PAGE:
Common Problems of the Wrist, Hand, and Elbow


One of the most common injuries in the hand is a tear of one of the ligaments that supports the side of the thumb. Originally noted in Scottish gamekeepers, who stretched out their ligaments holding down animals, its modern name now reflects a more common mechanism of injury, falling onto the hand while skiing.
The thumb joint second closest to the tip is known as the metacarpophalangeal joint, or MP joint. On each side of the joint, there are thick bands of tissue known as the collateral ligaments that limit side to side motion. When the hand is used to break a fall (not just while skiing), the thumb is often pulled away from the fingers, severely stressing the ligament on the side closest to the index finger (referred to as the ulnar collateral ligament or UCL). The UCL can become partially torn, completely torn or detached with a fragment of bone. When the ligament is injured, people will typically experience pain, swelling and occasionally bruising around the MP joint.

The severity of a thumb ligament injury is very difficult to assess by appearance alone. If an injury is suspected, evaluation by a qualified health care professional possibly including x-rays or MRI (magnetic resonance imaging) is recommended.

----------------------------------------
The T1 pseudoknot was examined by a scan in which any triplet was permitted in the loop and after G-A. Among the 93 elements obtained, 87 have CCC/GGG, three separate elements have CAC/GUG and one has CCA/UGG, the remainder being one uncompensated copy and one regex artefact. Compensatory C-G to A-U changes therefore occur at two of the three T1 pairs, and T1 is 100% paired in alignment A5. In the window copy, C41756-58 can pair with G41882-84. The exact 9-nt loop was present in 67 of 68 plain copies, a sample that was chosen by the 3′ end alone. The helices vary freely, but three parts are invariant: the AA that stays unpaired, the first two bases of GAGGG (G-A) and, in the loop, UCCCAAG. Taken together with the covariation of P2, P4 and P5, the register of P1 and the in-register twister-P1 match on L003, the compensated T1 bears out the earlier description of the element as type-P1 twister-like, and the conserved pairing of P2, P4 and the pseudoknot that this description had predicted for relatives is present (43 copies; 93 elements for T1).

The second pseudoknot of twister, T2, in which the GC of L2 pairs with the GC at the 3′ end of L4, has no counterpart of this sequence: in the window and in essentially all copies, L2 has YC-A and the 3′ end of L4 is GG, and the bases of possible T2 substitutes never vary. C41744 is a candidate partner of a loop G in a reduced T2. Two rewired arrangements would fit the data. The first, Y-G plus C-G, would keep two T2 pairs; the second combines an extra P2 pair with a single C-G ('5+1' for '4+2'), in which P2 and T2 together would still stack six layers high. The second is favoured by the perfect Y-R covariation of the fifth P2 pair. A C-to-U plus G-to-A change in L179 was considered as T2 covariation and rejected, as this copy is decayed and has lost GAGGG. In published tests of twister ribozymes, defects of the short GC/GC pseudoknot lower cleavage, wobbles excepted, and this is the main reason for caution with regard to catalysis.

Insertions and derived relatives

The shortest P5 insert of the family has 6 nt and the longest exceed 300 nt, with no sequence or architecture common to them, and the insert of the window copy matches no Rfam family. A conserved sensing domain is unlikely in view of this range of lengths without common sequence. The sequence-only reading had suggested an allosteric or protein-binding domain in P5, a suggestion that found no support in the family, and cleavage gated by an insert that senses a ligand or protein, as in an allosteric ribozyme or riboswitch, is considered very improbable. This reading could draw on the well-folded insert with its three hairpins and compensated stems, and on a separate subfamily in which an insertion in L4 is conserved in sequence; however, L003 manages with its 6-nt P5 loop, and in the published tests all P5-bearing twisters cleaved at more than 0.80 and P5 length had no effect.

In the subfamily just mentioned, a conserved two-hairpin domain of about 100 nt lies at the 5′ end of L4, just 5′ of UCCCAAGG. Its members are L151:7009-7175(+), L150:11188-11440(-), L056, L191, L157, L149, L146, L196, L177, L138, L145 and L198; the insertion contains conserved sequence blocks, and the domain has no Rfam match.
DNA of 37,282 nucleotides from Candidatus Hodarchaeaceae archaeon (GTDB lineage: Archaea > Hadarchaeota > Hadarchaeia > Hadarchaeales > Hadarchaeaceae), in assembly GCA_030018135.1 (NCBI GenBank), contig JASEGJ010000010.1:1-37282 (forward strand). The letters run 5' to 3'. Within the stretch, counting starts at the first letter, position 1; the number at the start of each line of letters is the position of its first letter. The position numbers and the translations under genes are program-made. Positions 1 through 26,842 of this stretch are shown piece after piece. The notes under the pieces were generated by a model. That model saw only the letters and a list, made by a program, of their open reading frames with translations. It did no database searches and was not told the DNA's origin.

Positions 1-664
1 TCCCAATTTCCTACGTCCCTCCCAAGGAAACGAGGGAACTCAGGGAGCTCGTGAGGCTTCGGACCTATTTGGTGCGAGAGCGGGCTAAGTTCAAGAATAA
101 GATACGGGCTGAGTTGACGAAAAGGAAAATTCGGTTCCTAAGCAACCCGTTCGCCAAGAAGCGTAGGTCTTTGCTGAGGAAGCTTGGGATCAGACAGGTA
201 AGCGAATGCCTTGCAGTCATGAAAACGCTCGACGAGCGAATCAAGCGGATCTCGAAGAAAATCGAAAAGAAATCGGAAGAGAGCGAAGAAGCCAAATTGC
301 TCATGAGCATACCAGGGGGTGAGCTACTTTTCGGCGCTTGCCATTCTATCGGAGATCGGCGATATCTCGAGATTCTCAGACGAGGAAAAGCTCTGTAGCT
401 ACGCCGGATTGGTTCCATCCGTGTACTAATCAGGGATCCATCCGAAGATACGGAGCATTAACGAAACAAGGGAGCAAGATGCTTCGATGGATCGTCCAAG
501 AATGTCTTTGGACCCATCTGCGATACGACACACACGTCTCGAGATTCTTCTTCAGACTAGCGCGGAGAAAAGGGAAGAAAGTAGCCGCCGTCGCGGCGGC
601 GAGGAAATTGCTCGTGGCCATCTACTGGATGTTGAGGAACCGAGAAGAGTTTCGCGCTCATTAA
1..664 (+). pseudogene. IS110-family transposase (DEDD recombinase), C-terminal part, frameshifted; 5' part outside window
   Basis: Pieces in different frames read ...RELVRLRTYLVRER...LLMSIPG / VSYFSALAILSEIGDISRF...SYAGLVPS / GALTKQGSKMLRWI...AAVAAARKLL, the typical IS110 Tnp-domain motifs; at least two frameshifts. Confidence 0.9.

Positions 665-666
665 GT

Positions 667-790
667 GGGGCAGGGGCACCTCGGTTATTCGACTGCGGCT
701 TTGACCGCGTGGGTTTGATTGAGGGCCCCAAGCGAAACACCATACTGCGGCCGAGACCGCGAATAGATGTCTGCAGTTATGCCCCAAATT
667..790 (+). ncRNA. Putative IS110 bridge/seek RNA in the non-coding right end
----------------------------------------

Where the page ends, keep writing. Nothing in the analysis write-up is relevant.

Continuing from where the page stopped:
If the thumb ligament is found to be injured, initial treatment usually consists of immobilization with a splint, elevation to reduce swelling and icing for comfort if needed. An evaluation by a hand surgeon is preferably done within 7-10 days of the injury. Examination of the joint to test for stability, often combined with the x-rays or MRI, will help determine the severity of the injury. Careful attention is made to assess the location of the torn end of the ligament. In some cases, the ligament is flipped back and trapped under other tissues (Stener’s lesion), potentially limiting its ability to heal properly.

Many UCL tears can be treated with simple immobilization alone. If the joint has no detectable looseness (laxity) under stress, casting or bracing of the thumb for 6-8 weeks should allow the ligament to heal and restore painless function.

If the joint feels loose or unstable under stress (especially when a Stener’s lesion is present), or if a bone fragment has been pulled off and is misaligned, surgery may be considered. In surgery, the ligament is typically stitched back together or anchored back to the bone. Any bone fragments would be realigned and stabilized as well. Surgery may involve the use of small metal implants on a temporary or permanent basis. Even with surgery, a period of immobilization is required similar to non-surgical treatment. The surgery can be done safely in an outpatient setting.